Power up workouts! Nanofiber batteries charge as you move

Berkeley scientists are developing ingenious "energy-scavenging nanofibers" that can convert movement into energy.

Scientists from University of California, Berkeley have developed fiber nanogenerators that could harness the energy of your everyday movements and convert it into an electrical charge. Does your smartphone need a midday charge? Just go out for a run!

The nanofibers are made of polyvinylidene flouride (PDVF), which the researchers say is cheap and easy to manufacture. The fibers work under piezoelectric properties: They can create an electrical field from mechanical movements or stress. Theoretically, any motion you make--such as walking or kicking with your new pair of piezo-pants--will create some kind of electric charge.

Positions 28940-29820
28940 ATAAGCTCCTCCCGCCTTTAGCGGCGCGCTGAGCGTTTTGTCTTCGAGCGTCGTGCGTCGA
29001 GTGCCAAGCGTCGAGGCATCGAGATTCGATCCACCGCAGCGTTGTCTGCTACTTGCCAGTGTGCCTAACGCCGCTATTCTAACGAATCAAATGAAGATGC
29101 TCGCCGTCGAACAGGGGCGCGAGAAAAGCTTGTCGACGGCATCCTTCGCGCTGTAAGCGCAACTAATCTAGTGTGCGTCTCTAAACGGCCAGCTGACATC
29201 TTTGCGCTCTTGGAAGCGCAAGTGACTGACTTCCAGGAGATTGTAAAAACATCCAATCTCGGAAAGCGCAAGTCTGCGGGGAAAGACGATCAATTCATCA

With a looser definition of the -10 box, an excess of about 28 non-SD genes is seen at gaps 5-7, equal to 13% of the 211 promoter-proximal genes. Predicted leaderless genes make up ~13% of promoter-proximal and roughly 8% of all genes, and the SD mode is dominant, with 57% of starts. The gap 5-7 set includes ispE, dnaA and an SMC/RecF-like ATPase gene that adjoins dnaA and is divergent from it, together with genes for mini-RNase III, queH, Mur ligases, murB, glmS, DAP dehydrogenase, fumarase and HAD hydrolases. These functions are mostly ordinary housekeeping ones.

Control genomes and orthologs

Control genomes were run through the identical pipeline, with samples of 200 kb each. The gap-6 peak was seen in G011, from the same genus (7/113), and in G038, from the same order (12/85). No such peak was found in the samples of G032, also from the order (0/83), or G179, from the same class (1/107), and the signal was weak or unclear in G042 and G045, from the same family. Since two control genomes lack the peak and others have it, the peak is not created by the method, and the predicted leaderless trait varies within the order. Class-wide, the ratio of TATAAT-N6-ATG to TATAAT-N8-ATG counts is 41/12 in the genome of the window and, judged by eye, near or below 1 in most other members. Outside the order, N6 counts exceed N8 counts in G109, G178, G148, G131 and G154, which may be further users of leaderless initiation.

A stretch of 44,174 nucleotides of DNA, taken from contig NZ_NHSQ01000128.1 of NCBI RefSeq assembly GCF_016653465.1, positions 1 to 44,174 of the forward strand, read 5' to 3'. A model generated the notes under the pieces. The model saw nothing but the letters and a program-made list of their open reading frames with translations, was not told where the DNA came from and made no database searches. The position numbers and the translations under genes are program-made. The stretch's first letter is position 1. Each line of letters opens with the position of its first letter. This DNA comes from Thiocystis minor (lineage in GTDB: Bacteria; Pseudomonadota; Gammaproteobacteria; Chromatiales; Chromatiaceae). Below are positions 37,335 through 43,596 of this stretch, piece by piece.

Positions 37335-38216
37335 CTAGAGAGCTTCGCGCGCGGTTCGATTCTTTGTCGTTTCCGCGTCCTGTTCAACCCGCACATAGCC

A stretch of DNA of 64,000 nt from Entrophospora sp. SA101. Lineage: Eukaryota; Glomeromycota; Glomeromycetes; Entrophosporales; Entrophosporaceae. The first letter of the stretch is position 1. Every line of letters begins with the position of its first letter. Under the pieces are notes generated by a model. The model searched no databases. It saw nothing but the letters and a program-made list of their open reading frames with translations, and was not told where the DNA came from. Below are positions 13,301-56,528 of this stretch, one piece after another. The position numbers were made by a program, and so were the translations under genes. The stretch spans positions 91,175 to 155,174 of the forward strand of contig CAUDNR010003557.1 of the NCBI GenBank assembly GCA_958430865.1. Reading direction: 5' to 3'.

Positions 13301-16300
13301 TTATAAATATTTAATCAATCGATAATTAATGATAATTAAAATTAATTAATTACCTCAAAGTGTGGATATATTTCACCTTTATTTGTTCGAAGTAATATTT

This isn't the first time researchers have devised ways that clothing could recharge your gadgets. Just last month, researchers from Stanford University (which happens to be Berkeley's arch-rival) announced that they developed textiles that can hold a charge.

Ideally, if this blend of technology and fashion were to take off, we could start seeing smartphones and other gadgets equipped with the necessary adjustments to be charged though PDVF clothing. Berkeley's new technology is significantly more efficient than similar technologies devised in the past, so it might actually have a chance of reaching a consumer market.

The day we're able to walk into American Apparel and buy a pair of Piezo Pants will be the day Geek Chic hits the big time. No word on whether we'll see them on the runways in Milan this year.

Tags University of CaliforniaBatterynanofibers

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David Ayala

PC World (US online)

1 Comment

Anonymous

1

How about embedding into the road networks and have the movement of cars over the fibers generate power.

Comments are now closed.

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